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A Semi-Infinite Programming based algorithm for determining T-optimum designs for model discrimination

A Semi-Infinite Programming based algorithm for determining T-optimum designs for model discrimination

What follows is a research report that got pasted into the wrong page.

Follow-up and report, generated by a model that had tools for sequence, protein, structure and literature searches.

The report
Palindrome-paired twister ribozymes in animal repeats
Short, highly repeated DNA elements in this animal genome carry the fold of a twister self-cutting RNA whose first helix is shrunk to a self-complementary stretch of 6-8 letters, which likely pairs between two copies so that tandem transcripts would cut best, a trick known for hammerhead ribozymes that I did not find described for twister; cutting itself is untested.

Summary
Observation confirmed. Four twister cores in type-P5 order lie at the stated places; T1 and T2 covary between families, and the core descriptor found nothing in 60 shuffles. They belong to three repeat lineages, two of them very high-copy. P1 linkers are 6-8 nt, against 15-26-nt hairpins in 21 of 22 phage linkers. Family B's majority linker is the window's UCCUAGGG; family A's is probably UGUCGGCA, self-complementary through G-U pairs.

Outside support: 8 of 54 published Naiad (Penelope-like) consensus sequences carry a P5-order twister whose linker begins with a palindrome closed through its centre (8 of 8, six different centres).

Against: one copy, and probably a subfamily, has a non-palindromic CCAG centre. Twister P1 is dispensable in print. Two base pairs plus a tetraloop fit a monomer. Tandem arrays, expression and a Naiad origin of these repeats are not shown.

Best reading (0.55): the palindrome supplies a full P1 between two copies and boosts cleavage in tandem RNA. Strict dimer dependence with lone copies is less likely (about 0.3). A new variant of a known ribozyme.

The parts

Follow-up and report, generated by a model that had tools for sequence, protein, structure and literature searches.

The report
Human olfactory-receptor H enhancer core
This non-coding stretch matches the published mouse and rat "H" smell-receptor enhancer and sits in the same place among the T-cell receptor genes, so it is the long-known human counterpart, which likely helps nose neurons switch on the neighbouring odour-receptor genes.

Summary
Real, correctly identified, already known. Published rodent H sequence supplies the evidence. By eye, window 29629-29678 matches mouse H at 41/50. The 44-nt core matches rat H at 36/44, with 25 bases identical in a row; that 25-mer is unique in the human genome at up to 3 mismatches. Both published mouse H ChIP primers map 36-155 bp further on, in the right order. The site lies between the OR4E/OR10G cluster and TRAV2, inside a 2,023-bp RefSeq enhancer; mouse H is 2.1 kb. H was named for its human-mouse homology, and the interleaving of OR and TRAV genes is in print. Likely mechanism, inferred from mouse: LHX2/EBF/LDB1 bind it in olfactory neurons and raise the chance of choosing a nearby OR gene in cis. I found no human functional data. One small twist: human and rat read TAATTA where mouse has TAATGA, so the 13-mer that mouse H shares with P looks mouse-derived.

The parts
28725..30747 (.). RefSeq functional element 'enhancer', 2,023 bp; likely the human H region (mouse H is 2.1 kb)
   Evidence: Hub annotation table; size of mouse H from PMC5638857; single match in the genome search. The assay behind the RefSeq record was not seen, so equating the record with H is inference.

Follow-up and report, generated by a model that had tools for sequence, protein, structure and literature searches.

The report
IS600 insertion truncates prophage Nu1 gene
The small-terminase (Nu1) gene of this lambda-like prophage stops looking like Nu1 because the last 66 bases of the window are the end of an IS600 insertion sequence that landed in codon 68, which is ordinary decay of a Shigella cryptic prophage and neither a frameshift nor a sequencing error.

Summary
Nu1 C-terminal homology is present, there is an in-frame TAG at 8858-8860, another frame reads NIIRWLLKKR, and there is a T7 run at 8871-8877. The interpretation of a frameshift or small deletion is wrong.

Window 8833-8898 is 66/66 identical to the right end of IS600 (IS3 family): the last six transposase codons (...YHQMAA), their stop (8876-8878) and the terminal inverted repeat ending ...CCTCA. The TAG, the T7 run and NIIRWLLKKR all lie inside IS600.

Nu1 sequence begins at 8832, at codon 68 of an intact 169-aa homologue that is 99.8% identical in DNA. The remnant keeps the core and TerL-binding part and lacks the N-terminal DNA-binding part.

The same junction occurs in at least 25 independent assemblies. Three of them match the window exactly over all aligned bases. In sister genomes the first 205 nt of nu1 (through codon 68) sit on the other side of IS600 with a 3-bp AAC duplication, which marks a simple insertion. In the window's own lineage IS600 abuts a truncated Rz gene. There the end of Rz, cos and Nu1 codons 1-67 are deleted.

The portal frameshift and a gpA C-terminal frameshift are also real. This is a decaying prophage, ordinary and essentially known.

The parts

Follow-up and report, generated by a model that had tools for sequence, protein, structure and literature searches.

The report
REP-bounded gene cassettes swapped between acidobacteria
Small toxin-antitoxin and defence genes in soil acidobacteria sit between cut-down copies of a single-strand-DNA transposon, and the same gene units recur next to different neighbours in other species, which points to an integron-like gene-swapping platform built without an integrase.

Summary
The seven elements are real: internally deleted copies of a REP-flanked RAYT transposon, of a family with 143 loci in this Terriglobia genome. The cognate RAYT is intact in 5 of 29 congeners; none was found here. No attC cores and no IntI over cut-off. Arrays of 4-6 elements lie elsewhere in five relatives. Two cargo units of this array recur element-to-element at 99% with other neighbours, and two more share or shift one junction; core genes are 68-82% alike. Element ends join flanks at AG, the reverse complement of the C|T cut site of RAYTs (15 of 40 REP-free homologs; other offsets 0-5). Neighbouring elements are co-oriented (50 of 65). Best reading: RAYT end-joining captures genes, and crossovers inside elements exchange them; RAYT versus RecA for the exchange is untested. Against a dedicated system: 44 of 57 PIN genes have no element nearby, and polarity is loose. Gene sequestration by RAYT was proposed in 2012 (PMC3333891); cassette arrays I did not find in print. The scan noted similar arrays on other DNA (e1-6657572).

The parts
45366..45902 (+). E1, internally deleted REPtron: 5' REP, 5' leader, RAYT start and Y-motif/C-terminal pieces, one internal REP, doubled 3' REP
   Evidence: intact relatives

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   Journal of Multivariate Analysis 135 (2015) 11–24 Contents lists available at ScienceDirect  Journal of Multivariate Analysis  journal homepage: A Semi-Infinite Programming based algorithm fordetermining T-optimum designs for model discrimination Belmiro P.M. Duarte a,b, ∗ , Weng Kee Wong c , Anthony C. Atkinson d a GEPSI – PSE Group, CIEPQPF, Department of Chemical Engineering, University of Coimbra, Pólo II, R. Sílvio Lima,3030-790 Coimbra, Portugal b Department of Chemical and Biological Engineering, ISEC, Polytechnic Institute of Coimbra, R. Pedro Nunes,3030-199 Coimbra, Portugal c Department of Biostatistics, Fielding School of Public Health, UCLA, 10833 Le Conte Ave., Los Angeles, CA 90095-1772, USA d Department of Statistics, London School of Economics, London WC2A 2AE, United Kingdom a r t i c l e i n f o  Article history: Received 5 September 2013Available online 11 December 2014  AMS subject classifications: 62K0590C22 Keywords: Continuous designEquivalence theoremGlobal optimizationMaximum likelihood designMinimax programSemi-Infinite Programming a b s t r a c t T-optimum designs for model discrimination are notoriously difficult to find because of the computational difficulty involved in solving an optimization problem that involvestwo layers of optimization. Only a handful of analytical T-optimal designs are availablefor the simplest problems; the rest in the literature are found using specialized numericalprocedures for a specific problem. We propose a potentially more systematic and generalway for finding T-optimal designs using a Semi-Infinite Programming (SIP) approach. Thestrategy requires that we first reformulate the srcinal minimax or maximin optimizationproblem into an equivalent semi-infinite program and solve it using an exchange-basedmethod where lower and upper bounds produced by solving the outer and the innerprograms, are iterated to convergence. A global Nonlinear Programming (NLP) solver isused to handle the subproblems, thus finding the optimal design and the least favorableparametric configuration that minimizes the residual sum of squares from the alternativeor test models. We also use a nonlinear program to check the global optimality of theSIP-generated design and automate the construction of globally optimal designs. Thealgorithm is successfully used to produce results that coincide with several T-optimaldesigns reported in the literature for various types of model discrimination problems withnormally distributed errors. However, our method is more general, merely requiring thatthe parameters of the model be estimated by a numerical optimization. © 2014 Elsevier Inc. All rights reserved. 1. Introduction Professor Jack Kiefer was an early proponent of using a rigorous mathematical framework to find optimal experimentaldesignsforsolvingpracticalproblems.InKiefer[24,25]heintroducedcontinuousdesigns,inwhichthedesignisrepresented by a measure. As a result, the problems of the dependence of the structure of the design on sample size are avoided.He advocated using such designs for practical reasons; research in this area has continued, largely motivated by risingexperimental costs and the need to use resources more efficiently. Book length treatments of this topic include Pukelsheim[34], Fedorov and Hackl [16], Uciński [41], Atkinson et al. [4], Berger and Wong [7] and Fedorov and Leonov [17]. Early ∗ Correspondence to: Department of Chemical Engineering, University of Coimbra, Pólo II, R. Sílvio Lima, 3030-790 Coimbra, Portugal. E-mail addresses: (B.P.M. Duarte), (W.K. Wong), (A.C. Atkinson). © 2014 Elsevier Inc. All rights reserved.  12  B.P.M. Duarte et al. / Journal of Multivariate Analysis 135 (2015) 11–24 applicationsofoptimaldesignswereconcentratedintheengineering,manufacturingandindustrialsectorsbutapplicationsare increasingly also seen in the biomedical and social sciences.Optimaldesignscandependsensitivelyontheassumedmodel.Theycanlosesubstantialefficiencyiftheassumedmodelis wrong. In practice, the underlying model is unknown and frequently a few plausible alternative models are consideredforstudyingtheproblemathand.Anoptimaldiscriminationdesignprovidesthebeststrategyforcollectingobservationstoidentify the true model among those postulated. Optimal design problems for estimating model parameters are quite wellstudied but the search for the optimal discrimination design has received considerably less attention. One reason is thatfindinganoptimaldiscriminationdesignisanappreciablymoredifficulttaskthanfindingaD-optimaldesignforestimatingmodel parameters [45]. Unlike D-optimality, we now have an optimality criterion that requires two levels of optimization. To date, effective algorithms for finding these optimal designs for a general regression model remain elusive.Thetheoreticalframeworkforexperimentaldesignformodeldiscriminationwasestablishedinaseriesofpapers,suchasFedorovandMalyutov[18],AtkinsonandCox[3],AtkinsonandFedorov[5,6].Thecriterionusedformodeldiscriminationis commonlyknownasT-optimality.Thetypicalsetupassumesthatwewanttodiscriminatebetweentwoparametricmodels,one of which is a fully parameterized ‘‘true model’’ and the other a ‘‘test model’’ with unknown parameters. The T-optimaldesign maximizes the lack of fit sum of squares for the second model by maximizing the minimal lack of fit sum of squaresarisingfromasetofplausiblevaluesoftheunknownparameters.AdditionaltheoreticaldevelopmentscanbefoundinPoncede Leon and Atkinson [33], Dette [9], Fedorov and Hackl [16], Wiens [46] and Dette and Titoff [12]. López-Fidalgo et al. [29] extend the method to models in which the errors of observation do not follow a normal distribution. T-optimality has beenapplied to discriminate among various classes of models, ranging from polynomial models [5,11], to Fourier regression models[10],Michaelis–Mentenkineticmodels[30],enzymekinetics[2]anddynamicsystemsdescribedbysetsofordinary differential equations [41,27,39]. There are analytical descriptions of T-optimal designs for only the simplest situations because of the complexity of the optimization problem. The algorithms commonly used to find T-optimal designs are based on modifications of theWynn–Fedorov algorithm, which were initially proposed for D-optimal designs; see for example, Atkinson and Fedorov [5]. The method requires a user-selected starting design to initiate the search process before it iterates by sequentially addingone or more selected new points from the design space to the current design. At each iteration a new design is formedby mixing the new point or points appropriately chosen with the current design. The generated design accumulates manypoints or clusters of points over time and a judicious collapsing of these points into a smaller number of distinct pointsis periodically required. These are the core steps in the Wynn–Fedorov algorithm formed by aggregating ideas of Wynn[47] and Fedorov [15] and commonly used in computer algorithms for finding different types of optimal designs such as D s -optimal designs for estimating a selected subset of the model parameters or L-optimal designs for estimating a selectedlinear function of the model parameters.Two other approaches have been employed for determining optimal discrimination designs. Dette and Titoff [12] sug- gest the Remes algorithm from numerical approximation theory and demonstrated the method for problems with a singleexplanatoryvariable.Atkinson[2]employsaQuasi-Newtonalgorithmforconvexoptimizationafterapplyingatransforma- tion on the design region and design weights to ensure that all constraints are satisfied. See also Atkinson et al. [4, Section 9.5] where more details on the method and examples can be found. However, both methods seem somewhat specializedand may not extend to find optimal discrimination designs for more general problems.Algorithms based on Semi-Infinite Programming (SIP), a branch of mathematical programming, are becoming increas-ingly popular for solving the minimax programs in computer science, engineering and economics [37]. Several algorithms belonging to exchange methods, discretization methods and local reduction methods have been developed [36]. Coupled with global nonlinear programming (NLP) solvers, they are able to solve minimax programs of moderate dimension. Inter-estingly, there are only a couple of applications of mathematical programming SIP-based approaches to find minimax-typeoptimaldesignseventhoughtheapproachprovidesageneralframeworkandasystematicapproachthatisguaranteedfindsuch optimal designs. Our goal in this paper is to apply SIP-based algorithms to systematically find optimal discriminationdesigns and demonstrate their effectiveness using several examples for a variety of situations. Only non-sequential exper-imentation is considered here; readers interested in a sequential approach to design a study for model discrimination canrefer to Atkinson and Fedorov [5,6]. GribikandKortanek[21]establishedatheoreticalandgeneralframeworkforsearchingminimaxdesignsviaSIP.Žakovíc and Rustem [48] found minimax D-optimal designs and Duarte and Wong [14] found various types of minimax optimal designs using SIP based on an exchange method. Kuczewski [27] and Skanda and Lebiedz [39] used a SIP algorithm to find T-optimal designs for dynamic models using algorithms similar to that proposed by Žakovíc and Rustem [48] for generalminimax problems.Uciński and Bogacka [42] used a SIP based algorithm to find T-optimal designs for dynamic models. The SIP procedure relies on the relaxation paradigm proposed by Shimizu and Aiyoshi [38] for minimax problems. All optimization problems included in the SIP procedure are solved with a global solver employing a stochastic NLP solver with an adaptive randomsearch scheme to generate initial solutions. There seems to be no application of SIP to finding T-optimal designs fordiscriminating between algebraically specified models. Uciński and Bogacka [42], Kuczewski [27] and Skanda and Lebiedz [39] deal with dynamic models and aim to determine the optimal discrimination design in the time domain (time instants where samples are to be gathered). Our paper aims to present and test a SIP based algorithm for finding T-optimal designsfor algebraic models, both linear and nonlinear. It shares several properties with the procedure proposed by Uciński and  B.P.M. Duarte et al. / Journal of Multivariate Analysis 135 (2015) 11–24  13 Bogacka [42]. We include a check from the equivalence theorem which allows us to automate the finding of the optimalnumber of support points.Section 2 provides the background, and introduces the T-optimality criterion along with a practical tool for checkingwhether a design is optimal among all designs on the given design space. It also presents the conceptualization of theminimax program representing the T-optimality criterion as a SIP, and briefly reviews the exchange method for handlingsemi-infinite programs. Section 3 applies the SIP based algorithm to find T-optimal designs and an automated procedurefor confirming the optimality of the SIP-generated design. We report these T-optimal designs for various discriminationproblems in Section 4 and offer a conclusion in Section 5. 2. Background This section is divided into two parts. The first discusses the statistical setup and use of continuous designs as a practicaltool to solve general design problems. The second part provides background on SIP-based methods and how they relate tofinding an optimal discrimination design and more generally solving minimax design problems. 2.1. Continuous designs In this paper, we focus on continuous designs on a given compact design space of the regressors X ⊂  R n  x . A continuousdesign is characterized by the number of design points it has from the design space X , the locations of the points and theproportions of the total number of observations  n  to be taken at each of the design points. Let  x i  ∈ X be the  i th design pointor support point of the design, let  k  be the number of design points and let  w i  be the proportion of observations to be takenat  x i , i  =  1 ,..., k .Clearly, w i  ispositiveandlessthanunity(unless k  =  1)and w 1 + w 2 +···+ w k  =  1.Thetotalsamplesize n  is usually predetermined by cost considerations. Continuous designs have continuous weights in  w i  ∈ [ 0 , 1 ] which leadnaturally to the formulation of the optimal design problem as a mathematical program with convex properties. Advantagesofworkingwithcontinuousdesignsarethattheyareeasiertofindandunderstandthanexactdesignsthatdependon n .Wedenote such a continuous design with  k  points by ξ   =   x 1  ···  x i  ···  x k w 1  ···  w i  ···  w k  and denote the set of all continuous designs with  k  points on X by  Ξ   ≡ X k ×[ 0 , 1 ] k .For exact designs, we require that all  n × w i ’s are positive integers. In this case, we would have to solve a much hardernon-convex optimization problem. Pukelsheim and Rieder [35] describe an efficient method for rounding a continuous design to obtain a nearly optimum exact design of size  n . Goos and Jones [20] give examples of finding exact D-optimal designs using a coordinate-exchange algorithm.For model discrimination design problems, we seek a continuous design that is efficient for identifying the best fittingmodelfromagivenclassofmodels.Whentherearetwomodelsandtheoutcomevariableis Y  ,wedesignateoneasthe‘‘truemodel’’  η t  (  x ,θ  1 )  =  E  ( Y  |  x ,θ  1 )  and the other as the ‘‘test model’’  η 2 (  x ,θ  2 )  =  E  ( Y  |  x ,θ  2 ) . The vectors of model parameters  θ  1 and  θ  2  may have different dimensions, but lie in known sets  Θ 1  and  Θ 2 , i.e.  θ  1  ∈  Θ 1  ⊂  R  p 1 and  θ  2  ∈  Θ 2  ⊂  R  p 2 . Followingconvention, we assume the ‘‘true model’’ is fully parameterized and so the dependence on  θ  1  can be discarded and we maywrite its mean function simply as  η t  (  x ) .A common design criterion called T-optimality for model discrimination was proposed by Atkinson and Fedorov [5] and Atkinson et al. [4]. The T-optimal design is defined by: ξ  T   =  argmax ξ  ∈ Ξ  min θ  2 ∈ Θ 2   X [ η t  (  x ) − η 2 (  x ,θ  2 ) ] 2 ξ( d  x ) =  argmin ξ  ∈ Ξ  max θ  2 ∈ Θ 2 −   X [ η t  (  x ) − η 2 (  x ,θ  2 ) ] 2 ξ( d  x ).  (1)Employing results from Rustem and Howe [37], problem (1) is equivalent to the bilevel program ξ  T   =  argmin ξ  ∈ Ξ  −   X  η t  (  x ) − η 2 (  x ,θ  ∗ 2 )  2 ξ( d  x ) s.t. k  i = 1 w i  =  1 θ  ∗ 2  =  arg max θ  2 ∈ Θ 2 −   X [ η t  (  x ) − η 2 (  x ,θ  2 ) ] 2 ξ( d  x ), (2)showing that the T-optimality criterion can be equivalently viewed as a maximin, a minimax or a bilevel optimizationproblem with the outer program having convex properties and the inner problem being concave or convex. An importantquantity in the above definition is the least favorable parametric configuration  θ  ∗ 2  in  Θ 2 , which is frequently problematic todetermine numerically and presents a constant source of difficulty for finding the optimal discrimination design, and moregenerally for minimax or maximin optimal designs in practice.  14  B.P.M. Duarte et al. / Journal of Multivariate Analysis 135 (2015) 11–24 Thesearchfortheoptimaldiscriminationdesign ξ  T   isnestedwithinthenumberofsupportpointsofthedesign.Toavoidthecomplexityofsimultaneouslyfindthedesignandthenumberofsupportpoints,anonconvexoptimizationproblem,wefix  k  and start the search over all  k -point designs. The resulting design  ξ  kT   may or may not be optimal among all designs on Ξ  .AnequivalencetheoremsimilartothosegiveninKieferandWolfowitz[26]andKiefer[25]isthenusedtocheckwhether ξ  T   =  ξ  kT  . The mathematical program to solve the problem is: ∆ (ξ  kT  )  =  min ξ  ∈ Ξ  max θ  2 ∈ Θ 2 − k  i = 1 [ η t  (  x i ) − η 2 (  x i ,θ  2 ) ] 2 w i s.t. k  i = 1 w i  =  1 . (3)A common choice for initializing  k  is the number of parameters in the model plus one. A theoretical justification for thechoice of the value of   k  is possible only in specialized settings. For example, Dette and Titoff [12] proved that, for nested polynomials in one variable,  k  =  p 2  + 1. Our numerical results in Section 4 support such a value for  k . For T-optimality, thetheorem asserts that the design  ξ  kT   is optimal among all designs on X if and only if   η t  (  x ) − η 2 (  x ,θ  k 2 )  2 ≤ − ∆ (ξ  kT  ),  ∀  x  ∈ X ,  (4)with equality at the support points of   ξ  kT   and  θ  k 2  is defined similarly as  θ  ∗ 2  [4]. The function on the left hand side of the aboveinequality is called the sensitivity function. Of course if the trial value of   k  is indeed the number of support points of theoptimal discrimination design, the equivalence theorem holds and we have  ξ  kT   =  ξ  T   and  θ  k 2  =  θ  ∗ 2 . The theorem applies tocontinuous designs, but not to exact designs. 2.2. Semi-Infinite Programming  HettichandKortanek[23]andLópezandStill[28]providesurveysofthetheory,applicationsandrecentdevelopmentof  SIPmethodology.Broadlyspeaking,thenumericalmethodsemployedtosolveSIPproblemsfallintothreeclasses:exchangemethods, discretization based methods and local reduction based methods [22]. Here we use an exchange based proceduresimilartotheoneproposedbyBlankenshipandFalk[8],andfurtherexpoundedinŽakovícandRustem[48]amongothers.To thisend,considerthegeneralminimaxprogramformalizationusedbyRustemandHowe[37]andŽakovícandRustem[48]: min  y max  z   f  (  y ,  z  ) s.t.  g  l 1 (  y ,  z  )  ≤  0 ,  l 1  ∈ { 1 ,..., N  I  } h l 2 (  y ,  z  )  =  0 ,  l 2  ∈ { 1 ,..., N  E  }  y  ∈ Y ,  z   ∈ Z , (5)where  y  ∈  Y  ⊂  R n  y are the outer problem decision variables and  z   ∈  Z  ⊂  R n  z  are the decision variables of the inner prob-lem.Theset Y  ≡ {  y  :  g  l 1 (  y ,  z  )  ≤  0 ,  h l 2 (  y ,  z  )  =  0 ,  l 1  ∈ { 1 ,..., N  I  } ,  l 2  ∈ { 1 ,..., N  E  }} encapsulatesallconstraintsinvolving  y andtheset Z encapsulatesallconstraintsinvolving  z  ,with  g  l 1 (  y ,  z  ) representingtheinequalityconstraintsand h l 2 (  y ,  z  ) theequalityconstraints.Both Y and Z arecompactsets,allthefunctions  g  l 1 (  y ,  z  ) and h l 2 (  y ,  z  ) aredifferentiableand Z isasetde-pendenton  y .Thefunction  f  (  y ,  z  ) isassumedtobedifferentiablein  y and  z   andconvexasafunctionoftheouterproblemde-cisionvariables  y .Noassumptionsrelativetotheconvexitypropertiesof   f  (  y ,  z  ) withrespecttoinnerleveldecisionvariablesare considered. This formulation has an outer problem (i.e. the min problem) and an inner problem (i.e. the max problem)andwesolvetheminimaxprogramintwophases,Phase1andPhase2iteratively,untilaconvergenceconditionissatisfied.At the  n th iteration, there exists  τ  n ∈  R  :  max  z  ∈ Z  f  (  y ,  z  )  ≤  τ  n if and only if   f  (  y ,  z  )  ≤  τ  n ,  ∀  z   ∈  Z . Accordingly, we mayformulate an equivalent semi-infinite program using a relaxation procedure to find the solution of the minimax problem asfollows [38]: min  y ∈ Y ,τ  n ∈[ τ  L ,τ  U  ] τ  n s.t.  f  (  y ,  z  )  ≤  τ  n  g  l 1 (  y ,  z  )  ≤  0 ,  l 1  ∈ { 1 ,..., N  I  } h l 2 (  y ,  z  )  =  0 ,  l 2  ∈ { 1 ,..., N  E  }  y  ∈ Y ,  z   ∈ Z . (6)Here τ  L and τ  U  arefinitevaluesbounding τ  n andsincetheyareunknown,wemayconsider τ  L equaltoafinitelargenegativevalue and  τ  U  equal to a finite large positive constant. The problem (6) involves a finite number of variables and an infinitenumber of constraints as a result of the dependency of  Z (  y ) .The reformulation of problem (6) to an equivalent problem with a finite number of constraints requires that we replace Z withadiscreteset.Atthefirstiteration,wedenotethissetby Z 1 = {  z  0 } where  z  0  isfeasiblesolutionoftheinnerprogramprescribed in Section 3. At the  n th iteration, this set is Z n and has  n  elements srcinating in previous iterations. At the next  B.P.M. Duarte et al. / Journal of Multivariate Analysis 135 (2015) 11–24  15 iteration, this set becomes Z n + 1 with  n + 1 elements formed by augmenting Z n with a solution for the Phase 2 problem (9),denoted by  z  n , following the rule: Z n + 1 = Z n ∪{  z  n } .  (7)The Phase 1 program, denoted as P  1 ,  A , to solve is therefore:min  y ∈ Y ,τ  n ∈[ τ  L ,τ  U  ] τ  n s.t.  f  (  y ,  z  )  ≤  τ  n  g  l 1 (  y ,  z  )  ≤  0 ,  l 1  ∈ { 1 ,..., N  I  } h l 2 (  y ,  z  )  =  0 ,  l 2  ∈ { 1 ,..., N  E  }  y  ∈ Y ,  z   ∈ Z n . (8)The problem P  1 ,  A  solves the outer level of  (5) and each solution  y  minimizes the objective function for a set of discretepoints  z   ∈ Z n .Afterwards,wefix  y andsolvethefollowingprogramcorrespondingtotheinnerprogramoftheproblem(5),denoted by P  1 , B : ζ  n =  max  z  ∈ Z  f  (  y ,  z  ) s.t.  g  l 1 (  y ,  z  )  ≤  0 ,  l 1  ∈ { 1 ,..., N  I  } h l 2 (  y ,  z  )  =  0 ,  l 2  ∈ { 1 ,..., N  E  }  y  fixed ,  z   ∈ Z . (9)Thesolutionof (9),  z  n ,withthesubscript n representingtheiterationcounter,arestationary/Karush–Kuhn–Tucker(KKT)points of the inner problem and are appended to the set  Z n employing (7). Then we repeat the cycle and keep iterating between the outer problem corresponding to Phase 1 and the inner problem, corresponding to Phase 2, until convergenceoccurs.Thediscreteset Z n containstheaccumulatingsuccessiveKKTpointsoftheinnerprogramthatproducesuccessivelytighter relaxations of  (8).We observe that the number of constraints  f  (  y ,  z  )  ≤  τ  n for the problem (8) increases by one per iteration as a result of the increase in the number of elements forming the set of discrete points Z n . Solving problem P  1 ,  A  provides a global lowerbound to the minimax problem and solving problem P  1 , B  produces a local upper bound (obtained for a particular point  y ).Therefore, τ  n ≥  τ  n − 1 butnoconclusioncanbedrawnfor ζ  n insuccessiveiterations, ζ  n beingtheoptimumofproblem P  1 , B .The convergence test checks the condition | (ζ  n − τ  n )/τ  n | ≤  ϵ 1 , where  ϵ 1  is a positive small constant provided by the userto assess the relative error. When the condition is satisfied the solution has been found. Theoretical results prove that theprocedure described above converges in a finite number of iterations for  ϵ 1 -optimal solutions [8,27]. Here we assume all constraints in the problem (5) are decoupled. This assumption is reasonable since in the optimaldesign problem the constraints are functions of the regressors or of the parameters and not on both types of variables.Strategies for this more complicated case are provided by Polak [32, Ch. 3], Mitsos et al. [31] and Tsoukalas et al. [40]. 3. Algorithms In this section we describe the SIP algorithms for finding T-optimal designs. This approach assumes that we want to finda  k -point T-optimal design where  k  is pre-specified. In our algorithm  k  is initialized to the number of parameters in theproblemplusone.Ifatconvergence,theT-optimaldesignfoundbySIPisnotoptimalaccordingtotheequivalencetheorem,we will repeat the search among designs with  k  +  1 points. Our experience is that usually a couple of such iterations willproduce the SIP-generated T-optimal design that is optimal among all designs on the design space. 3.1. SIP formulation for T-optimal designs In this section, we apply the general techniques in Section 2 to solve Problem (3) by finding the optimal discrimination design supported at  k  points. Accordingly we include a superscript  k  in the variables in the mathematical codes below. Atthe  n th iteration of the SIP-based procedure, the generated design  ξ  k , n has  x k , ni  as its  i th support point with correspondingweight w k , ni  , i  =  1 ,..., k ,andtheyarefoundbysolvingtheprecedingoptimizationproblem.Thisformulationcorrespondsto a direct application of the Phase 1 problem (8):min ξ  k , n ∈ Ξ  ,τ  k , n ∈[ τ  L ,τ  U  ] τ  k , n s.t.  − k  i = 1 [ η t  (  x k , ni  ) − η 2 (  x k , ni  ,θ  k 2 ) ] 2 w k , ni  ≤  τ  k , nk  i = 1 w k , ni  =  1 θ  k 2  ∈  Θ k , n 2  . (10)